EARTHWORKS

The fate of New Mexico’s Pit Rule delayed to June

Gwen Lachelt's avatar
By Gwen Lachelt

May 19, 2012

For the last five days our attorney and experts and I sat in a hearing room in Santa Fe because the oil and gas industry wants to gut New Mexico’s common sense Pit Rule.

The Pit Rule was developed with extensive input from oil and gas industry representatives, ranchers and conservation organizations in 2007 to protect New Mexico’s water, soil and public health from toxic drilling and fracking wastes.

Governor Martinez vowed to repeal the Pit Rule during her campaign and now the New Mexico Oil & Gas Association thinks it has the votes on the oil commission to do the deal.

But in five days NMOGA experts did not present any technical information to demonstrate that the Pit Rule was costing them more or less money, that it is OK to build a pit where groundwater is within 25 feet of the surface of the land or that it’s OK to locate a pit 100 feet from a school or livestock well. The bottom line: they want to be able to bury their drilling and fracking wastes anywhere they want. They don’t want to have to haul them away.

Today the Pit Rule requires that companies use pitless (closed-loop) drilling systems where groundwater is at 50 feet and to locate pits 1,000 feet from schools and homes, etc. Companies can get permission to bury their wastes on site if the chloride content is 3,000 milligrams per liter. But industry wants to be able to leave wastes that have a chloride content of 15,000 mg/l. The chloride content of seawater is around 19,000 mg/l. Wastes with such high salt levels have left untold number of pit sites across New Mexico barren. One rancher reported during the hearings this week that nothing has grown on these spots on his ranch in decades.

Disrespectful process
The ranchers, some of whom drove 7 hours to Santa Fe from southeastern New Mexico to testify in support of keeping the Pit Rule, were given a mere 5 minutes to talk.

One of our experts, a certified public accountant, accredited petroleum accountant, certified mineral manager, certified fraud deterrent analyst and certified forensic financial analyst, is the only person in the United States with her qualifications. She is an accountant for oil and gas companies, mineral owners and has done numerous oil and gas audits for county and state governments. She knows how much it costs operators to drill and maintain wells and she knows how much they make.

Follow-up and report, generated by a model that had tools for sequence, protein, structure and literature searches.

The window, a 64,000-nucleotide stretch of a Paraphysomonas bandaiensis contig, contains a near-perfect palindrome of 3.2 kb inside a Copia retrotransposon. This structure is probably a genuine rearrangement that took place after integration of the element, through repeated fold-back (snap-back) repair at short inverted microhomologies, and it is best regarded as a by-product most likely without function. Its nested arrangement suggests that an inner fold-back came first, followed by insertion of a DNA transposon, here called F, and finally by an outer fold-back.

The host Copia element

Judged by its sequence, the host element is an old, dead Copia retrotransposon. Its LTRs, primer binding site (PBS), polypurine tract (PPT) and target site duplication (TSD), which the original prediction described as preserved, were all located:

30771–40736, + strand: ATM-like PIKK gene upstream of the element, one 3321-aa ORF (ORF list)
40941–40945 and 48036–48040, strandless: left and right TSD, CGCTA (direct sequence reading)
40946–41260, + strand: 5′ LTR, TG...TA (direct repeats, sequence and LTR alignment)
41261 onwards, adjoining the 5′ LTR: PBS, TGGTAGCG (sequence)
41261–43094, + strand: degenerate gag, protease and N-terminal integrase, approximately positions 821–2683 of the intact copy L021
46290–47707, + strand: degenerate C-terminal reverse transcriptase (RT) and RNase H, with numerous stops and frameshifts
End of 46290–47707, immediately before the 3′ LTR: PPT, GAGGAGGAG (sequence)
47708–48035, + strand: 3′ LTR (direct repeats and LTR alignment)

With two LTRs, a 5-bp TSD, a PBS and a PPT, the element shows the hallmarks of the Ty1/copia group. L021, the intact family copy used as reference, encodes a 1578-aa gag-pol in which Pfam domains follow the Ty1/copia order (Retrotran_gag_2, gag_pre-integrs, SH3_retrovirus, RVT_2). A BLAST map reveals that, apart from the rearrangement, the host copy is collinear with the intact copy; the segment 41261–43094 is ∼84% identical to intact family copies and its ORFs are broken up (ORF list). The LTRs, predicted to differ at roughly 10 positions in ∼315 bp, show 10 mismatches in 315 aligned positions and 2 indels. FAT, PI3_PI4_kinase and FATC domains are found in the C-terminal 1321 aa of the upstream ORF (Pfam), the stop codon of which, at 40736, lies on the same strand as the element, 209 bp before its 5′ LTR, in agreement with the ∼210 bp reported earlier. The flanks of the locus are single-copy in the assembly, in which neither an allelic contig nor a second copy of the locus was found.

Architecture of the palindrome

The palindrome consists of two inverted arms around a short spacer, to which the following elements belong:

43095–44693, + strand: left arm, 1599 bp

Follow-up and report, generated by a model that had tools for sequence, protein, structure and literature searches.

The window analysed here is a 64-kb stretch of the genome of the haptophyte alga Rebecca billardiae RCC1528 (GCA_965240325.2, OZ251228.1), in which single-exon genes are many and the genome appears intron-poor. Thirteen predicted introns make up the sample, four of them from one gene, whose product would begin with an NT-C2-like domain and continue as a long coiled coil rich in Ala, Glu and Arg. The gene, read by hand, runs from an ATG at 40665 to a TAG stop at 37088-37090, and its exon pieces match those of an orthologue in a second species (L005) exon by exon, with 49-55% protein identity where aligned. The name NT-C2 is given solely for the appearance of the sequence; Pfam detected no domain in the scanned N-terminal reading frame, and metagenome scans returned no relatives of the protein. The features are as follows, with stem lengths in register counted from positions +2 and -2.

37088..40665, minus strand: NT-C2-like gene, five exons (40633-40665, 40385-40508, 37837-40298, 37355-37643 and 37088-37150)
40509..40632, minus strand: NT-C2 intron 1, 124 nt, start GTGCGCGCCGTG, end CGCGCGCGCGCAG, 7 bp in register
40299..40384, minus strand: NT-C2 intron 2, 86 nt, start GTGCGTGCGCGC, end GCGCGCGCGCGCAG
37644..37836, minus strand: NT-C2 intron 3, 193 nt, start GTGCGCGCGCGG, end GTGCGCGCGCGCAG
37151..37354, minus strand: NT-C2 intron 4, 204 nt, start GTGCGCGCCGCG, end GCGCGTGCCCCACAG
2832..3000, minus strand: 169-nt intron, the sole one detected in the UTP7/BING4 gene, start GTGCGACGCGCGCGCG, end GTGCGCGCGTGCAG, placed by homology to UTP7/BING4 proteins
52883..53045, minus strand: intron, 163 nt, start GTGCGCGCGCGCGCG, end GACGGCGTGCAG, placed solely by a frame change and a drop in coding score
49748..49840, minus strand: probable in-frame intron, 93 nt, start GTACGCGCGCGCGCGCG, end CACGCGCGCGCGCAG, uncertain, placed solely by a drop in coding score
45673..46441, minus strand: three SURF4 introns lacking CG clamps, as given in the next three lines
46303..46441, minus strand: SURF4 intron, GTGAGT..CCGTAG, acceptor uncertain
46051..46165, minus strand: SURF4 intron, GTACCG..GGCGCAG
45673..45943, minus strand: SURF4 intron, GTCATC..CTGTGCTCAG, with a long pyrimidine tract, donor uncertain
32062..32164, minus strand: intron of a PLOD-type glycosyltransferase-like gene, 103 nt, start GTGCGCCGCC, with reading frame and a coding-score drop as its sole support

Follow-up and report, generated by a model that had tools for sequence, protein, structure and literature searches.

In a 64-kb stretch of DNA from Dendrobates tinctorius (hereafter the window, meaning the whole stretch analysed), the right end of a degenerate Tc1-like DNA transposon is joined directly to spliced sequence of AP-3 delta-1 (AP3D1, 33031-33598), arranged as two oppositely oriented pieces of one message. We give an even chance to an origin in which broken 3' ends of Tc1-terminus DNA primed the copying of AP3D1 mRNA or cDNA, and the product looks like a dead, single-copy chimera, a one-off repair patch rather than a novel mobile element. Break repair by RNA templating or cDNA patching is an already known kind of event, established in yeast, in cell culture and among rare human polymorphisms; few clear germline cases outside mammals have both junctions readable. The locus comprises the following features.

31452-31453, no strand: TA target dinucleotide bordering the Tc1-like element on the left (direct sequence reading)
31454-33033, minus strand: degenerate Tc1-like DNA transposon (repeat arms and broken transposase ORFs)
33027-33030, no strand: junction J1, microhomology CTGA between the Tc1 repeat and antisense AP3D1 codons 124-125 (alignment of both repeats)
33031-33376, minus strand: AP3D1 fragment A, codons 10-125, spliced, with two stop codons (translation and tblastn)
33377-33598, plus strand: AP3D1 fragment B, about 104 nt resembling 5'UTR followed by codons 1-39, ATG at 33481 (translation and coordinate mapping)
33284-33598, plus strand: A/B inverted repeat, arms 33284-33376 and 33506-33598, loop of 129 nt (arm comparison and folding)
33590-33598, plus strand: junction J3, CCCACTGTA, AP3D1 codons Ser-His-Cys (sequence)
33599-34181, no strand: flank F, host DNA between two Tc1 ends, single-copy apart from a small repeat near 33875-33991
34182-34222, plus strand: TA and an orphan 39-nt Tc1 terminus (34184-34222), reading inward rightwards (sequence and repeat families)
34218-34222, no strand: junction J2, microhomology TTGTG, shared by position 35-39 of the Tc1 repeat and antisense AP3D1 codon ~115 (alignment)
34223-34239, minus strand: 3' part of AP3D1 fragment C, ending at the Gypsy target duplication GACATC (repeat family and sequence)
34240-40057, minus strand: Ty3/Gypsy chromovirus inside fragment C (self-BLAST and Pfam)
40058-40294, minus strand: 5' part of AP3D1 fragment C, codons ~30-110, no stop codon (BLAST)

But her testimony was interrupted constantly by the oil and gas lawyers – something that is clearly against the oil commission’s own rules – and they were allowed time and again to get away with their disrespectful behavior.

What was really going on was the oil lawyers did not want our expert testimony to see the light of day. Why? Closed-loop drilling systems are saving companies money. Many companies are saving $1.00 per foot using closed-loop drilling than using a pit to dispose of drill cuttings and fracking wastes. And when pits fail, they cost companies a lot of money to try to clean up contaminated soil and groundwater. 

A wolf in sheep’s clothing
The shale oil and gas drilling boom is marching to New Mexico. These are deep wells that use horizontal hydraulic fracturing and enormous amounts of water. To service these wells, companies want a free ticket to develop enormous pits – lakes really. And the industry does not want to have to build these lakes to any standards or specifications. The pits might hold 10-acre feet of water or 20-acre feet or more. We're talking about pits the size of 6 - 12 olympic-sized swimming pools. And they may be around for years. The odors from these gigantic pits have driven many people from their homes in other states. And there’s nothing to prevent livestock and wildlife from drinking from these pits and birds from landing on them because they can be too large to cover with protective netting. One industry expert said that was OK because nets kill birds, too.

With the shale boom coming to the Land of Enchantment, now is not the time to allow the oil and gas industry to cut corners.


For more information:

What can you do?
1). Call Governor Martinez and urge her to keep the Pit Rule. Her number is 505-426-2200. Try to calling during regular working hours so you have a better chance of talking with one of her staff members.

http://www.governor.state.nm.us/Contact_the_Governor.aspx

2) Write the New Mexico Oil Conservation Commission by June 14 and tell them why the Pit Rule is important. Address your comments to: Jami Bailey, Greg Bloom and Bob Balch (NM Oil Conservation Commissioners) and email to: <florene.davidson@state.nm.us>, <Jami.Bailey@state.nm.us>,

3) Attend the Pit Rule hearing on June 20, 21 or 22 and testify. You’ll have a whopping 5 minutes to talk but there is a lot to do in Santa Fe! We’ll be meeting at 1220 South Saint Francis Drive in Porter Hall of the Wendell Chino Building.

Tagged with: responsible oil and gas development, pits, new mexico, hydraulic fracturing, fracking, drilling reform

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